A Senior Year to Remember

As the 1927 football season approached, expectations among State College fans were uncharacteristically high. Not only was McDowall back for his senior season, but Tebell had several other promising players on the team. “We’ve really got a team that can’t be stopped,” read a story in the student newspaper. That certainly appeared to be the case in the season opener, in which State College defeated Elon 39-0. That was followed, though, by a disheartening 20-0 loss to Furman. Then McDowall took over, leading his team to an 18-6 victory over Clemson and a decisive 30-7 win over Wake Forest, which a newspaper headline declared as the “best game of his college career.”

Never before has State College seen her favorite athlete strut her stuff in such a manner. He can do anything, from run to tackle. His forward passes are brilliant. His punts are marvelous. His running is of such a caliber that the opposition almost break their backs trying to stop him.

The team’s fans could barely contain themselves. “Jack McDowall was in his prime,” wrote one sports columnist. “Never before has State College seen her favorite athlete strut her stuff in such a manner. He can do anything, from run to tackle. His forward passes are brilliant. His punts are marvelous. His running is of such a caliber that the opposition almost break their backs trying to stop him.” A columnist for the Technician suggested that the team should win the so-called state championship, the informal honor given to the college team in North Carolina with the best record. “Students, this is our golden opportunity,” read the column.

Up next was one of the toughest games on the Wolfpack schedule — the University of Florida, a traditional football powerhouse. It would be the first time the two schools had met in any athletic contest, and fans were alternately excited by the opportunity and nervous about the possible outcome. For McDowall, the game had special meaning. He had been a high school football star in Gainesville, Fla. — home of the University of Florida — before moving to Rockingham, N.C., for his final year of high school. But the coaches at the University of Florida had not been interested in McDowall, saying he was too small for their team. This was his chance to show them they had made a mistake.

The game, played in Tampa, started slow. Neither team scored until the fourth quarter, when a long pass from McDowall took the Wolfpack to the 3-yard line. State College ran the ball three straight times, but each time the Florida defense stopped them short of the goal line. On fourth down, McDowall threw a short pass for a touchdown, putting State College ahead 6-0. But, as a Florida sports writer noted, McDowall was not done. With Florida scrambling to score a touchdown, McDowall intercepted a pass and took off on “a breath-taking, eye-twisting dash of 75 yards.” State College won 12-6, giving McDowall his win over Florida. His teammates gave him the game ball for his efforts. “After a few days, I wrapped up the ball in a neat package and mailed it to the athletic director at Florida as a souvenir,” McDowall recalled years later.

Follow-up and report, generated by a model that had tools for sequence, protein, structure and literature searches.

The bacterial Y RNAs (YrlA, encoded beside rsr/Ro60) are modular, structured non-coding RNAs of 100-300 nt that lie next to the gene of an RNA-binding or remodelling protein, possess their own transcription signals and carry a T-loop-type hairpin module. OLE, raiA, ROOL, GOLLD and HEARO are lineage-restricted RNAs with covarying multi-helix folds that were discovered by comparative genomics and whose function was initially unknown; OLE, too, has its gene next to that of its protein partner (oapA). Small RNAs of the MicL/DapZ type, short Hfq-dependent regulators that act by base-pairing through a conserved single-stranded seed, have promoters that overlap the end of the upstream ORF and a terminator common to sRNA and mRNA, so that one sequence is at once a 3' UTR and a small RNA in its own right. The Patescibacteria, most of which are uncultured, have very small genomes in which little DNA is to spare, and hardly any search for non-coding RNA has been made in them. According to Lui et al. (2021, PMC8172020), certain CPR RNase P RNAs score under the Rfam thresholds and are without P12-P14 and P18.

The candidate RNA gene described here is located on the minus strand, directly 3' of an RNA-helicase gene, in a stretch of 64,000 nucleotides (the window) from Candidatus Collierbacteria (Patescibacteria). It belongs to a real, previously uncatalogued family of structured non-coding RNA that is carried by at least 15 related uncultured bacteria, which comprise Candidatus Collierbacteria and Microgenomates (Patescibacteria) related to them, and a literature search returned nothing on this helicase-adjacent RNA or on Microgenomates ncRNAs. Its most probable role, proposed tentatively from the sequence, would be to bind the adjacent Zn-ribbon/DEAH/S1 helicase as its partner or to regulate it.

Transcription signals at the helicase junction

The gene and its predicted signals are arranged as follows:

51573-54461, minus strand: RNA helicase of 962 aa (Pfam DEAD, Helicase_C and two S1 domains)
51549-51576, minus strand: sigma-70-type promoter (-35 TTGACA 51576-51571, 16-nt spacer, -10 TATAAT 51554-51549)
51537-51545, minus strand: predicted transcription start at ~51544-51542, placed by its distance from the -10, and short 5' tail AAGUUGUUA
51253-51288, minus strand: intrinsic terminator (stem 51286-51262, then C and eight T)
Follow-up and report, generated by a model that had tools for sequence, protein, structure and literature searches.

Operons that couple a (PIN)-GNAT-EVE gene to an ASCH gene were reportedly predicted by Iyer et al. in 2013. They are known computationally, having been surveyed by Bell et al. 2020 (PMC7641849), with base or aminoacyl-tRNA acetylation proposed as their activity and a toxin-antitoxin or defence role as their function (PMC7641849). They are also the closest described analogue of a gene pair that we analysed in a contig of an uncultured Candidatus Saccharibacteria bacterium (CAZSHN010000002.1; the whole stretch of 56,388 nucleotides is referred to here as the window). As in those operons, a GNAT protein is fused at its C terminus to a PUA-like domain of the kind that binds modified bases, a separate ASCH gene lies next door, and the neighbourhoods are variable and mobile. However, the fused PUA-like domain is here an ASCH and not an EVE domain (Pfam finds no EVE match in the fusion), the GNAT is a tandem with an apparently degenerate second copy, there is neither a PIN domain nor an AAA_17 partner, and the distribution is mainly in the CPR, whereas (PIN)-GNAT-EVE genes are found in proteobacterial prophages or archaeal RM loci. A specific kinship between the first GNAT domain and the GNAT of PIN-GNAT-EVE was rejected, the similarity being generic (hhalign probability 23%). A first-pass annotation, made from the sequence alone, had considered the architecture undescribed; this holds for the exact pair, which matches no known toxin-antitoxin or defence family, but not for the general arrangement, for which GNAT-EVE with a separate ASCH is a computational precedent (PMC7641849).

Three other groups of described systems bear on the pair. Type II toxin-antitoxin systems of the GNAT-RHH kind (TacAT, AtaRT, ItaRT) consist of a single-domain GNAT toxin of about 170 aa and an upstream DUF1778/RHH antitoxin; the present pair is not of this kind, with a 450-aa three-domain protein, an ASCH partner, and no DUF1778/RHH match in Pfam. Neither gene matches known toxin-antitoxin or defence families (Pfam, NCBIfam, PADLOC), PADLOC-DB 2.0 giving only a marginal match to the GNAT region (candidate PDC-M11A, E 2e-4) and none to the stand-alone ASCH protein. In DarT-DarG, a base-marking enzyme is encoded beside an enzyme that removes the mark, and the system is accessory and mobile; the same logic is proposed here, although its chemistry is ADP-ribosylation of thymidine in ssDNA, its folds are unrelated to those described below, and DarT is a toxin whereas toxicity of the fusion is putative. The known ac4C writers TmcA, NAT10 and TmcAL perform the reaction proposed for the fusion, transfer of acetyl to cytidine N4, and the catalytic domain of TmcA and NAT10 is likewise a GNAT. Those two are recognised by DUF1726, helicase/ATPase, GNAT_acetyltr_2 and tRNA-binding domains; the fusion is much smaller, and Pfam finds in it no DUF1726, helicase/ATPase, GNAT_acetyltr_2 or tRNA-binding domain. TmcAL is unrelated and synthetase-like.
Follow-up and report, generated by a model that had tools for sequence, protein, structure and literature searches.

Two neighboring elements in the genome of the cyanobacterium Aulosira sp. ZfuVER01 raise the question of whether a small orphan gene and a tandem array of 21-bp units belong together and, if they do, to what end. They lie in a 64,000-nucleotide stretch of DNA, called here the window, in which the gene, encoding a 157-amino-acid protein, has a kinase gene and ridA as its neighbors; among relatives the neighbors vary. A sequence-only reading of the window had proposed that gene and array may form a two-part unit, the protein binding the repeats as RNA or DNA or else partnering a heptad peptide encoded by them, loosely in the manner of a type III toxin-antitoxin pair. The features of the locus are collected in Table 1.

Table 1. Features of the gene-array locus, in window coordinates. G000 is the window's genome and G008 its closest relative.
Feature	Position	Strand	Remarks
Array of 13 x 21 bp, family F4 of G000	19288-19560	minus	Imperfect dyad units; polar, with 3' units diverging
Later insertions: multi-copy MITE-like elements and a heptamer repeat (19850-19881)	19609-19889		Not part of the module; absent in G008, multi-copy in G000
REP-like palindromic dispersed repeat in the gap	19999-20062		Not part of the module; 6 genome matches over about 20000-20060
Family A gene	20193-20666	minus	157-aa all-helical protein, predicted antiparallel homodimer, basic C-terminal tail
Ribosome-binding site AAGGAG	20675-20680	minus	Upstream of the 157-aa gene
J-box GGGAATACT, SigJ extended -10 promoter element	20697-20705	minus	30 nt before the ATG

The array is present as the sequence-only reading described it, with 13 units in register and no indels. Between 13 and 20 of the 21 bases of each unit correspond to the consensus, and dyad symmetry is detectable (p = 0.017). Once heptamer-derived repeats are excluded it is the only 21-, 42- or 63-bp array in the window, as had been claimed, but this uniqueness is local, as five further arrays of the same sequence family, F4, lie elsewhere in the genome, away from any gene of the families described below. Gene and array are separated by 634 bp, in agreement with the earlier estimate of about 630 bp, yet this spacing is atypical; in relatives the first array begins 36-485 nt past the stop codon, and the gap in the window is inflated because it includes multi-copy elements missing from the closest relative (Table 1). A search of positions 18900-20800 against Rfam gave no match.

A Couple of Championships

State College was 4-1, and the University of North Carolina was next on the schedule. The Wolfpack had not beaten their rival since 1921, so fans were desperate for a victory. More than 12,000 of them packed Riddick Stadium for the Saturday game, and State College started strong, relying on McDowall’s passing and running to build a 13-0 lead at halftime. UNC was the aggressor in the second half, but State’s defense managed to hold Carolina scoreless in the third quarter. North Carolina finally scored a touchdown in the fourth quarter, but McDowall sealed the victory when he took the ball on the 5-yard line, started to run to the right and then pulled up and threw a pass to an end standing alone in the end zone. The final score was 19-6. Again, McDowall was credited with leading the team to victory, with one sports writer declaring simply, “It was McDowall Day.”

NC State easily defeated Davidson, 25-6, setting up a game against Duke to decide the so-called state championship that had eluded State College for nine years. More than 11,000 fans, including members of the UNC-Chapel Hill football team, packed Duke’s Haynes Field. “It will be a fight,” predicted Tal Stafford, the athletics director for State College. “Duke will know they will have been in a game.”

State College fell behind 12-0, but came back to win when McDowall “put up a dramatic exhibition of brilliance unrivaled anywhere on the nation’s gridirons this season,” according to one account. McDowall threw for three touchdowns, had several long runs (“In an open field, you couldn’t hit him with a handful of grits,” read one account of McDowall’s feats.) and kicked one punt an astounding 73 yards. The Wolfpack left Durham with a 20-18 victory in what McDowall later said was his greatest day playing for State College.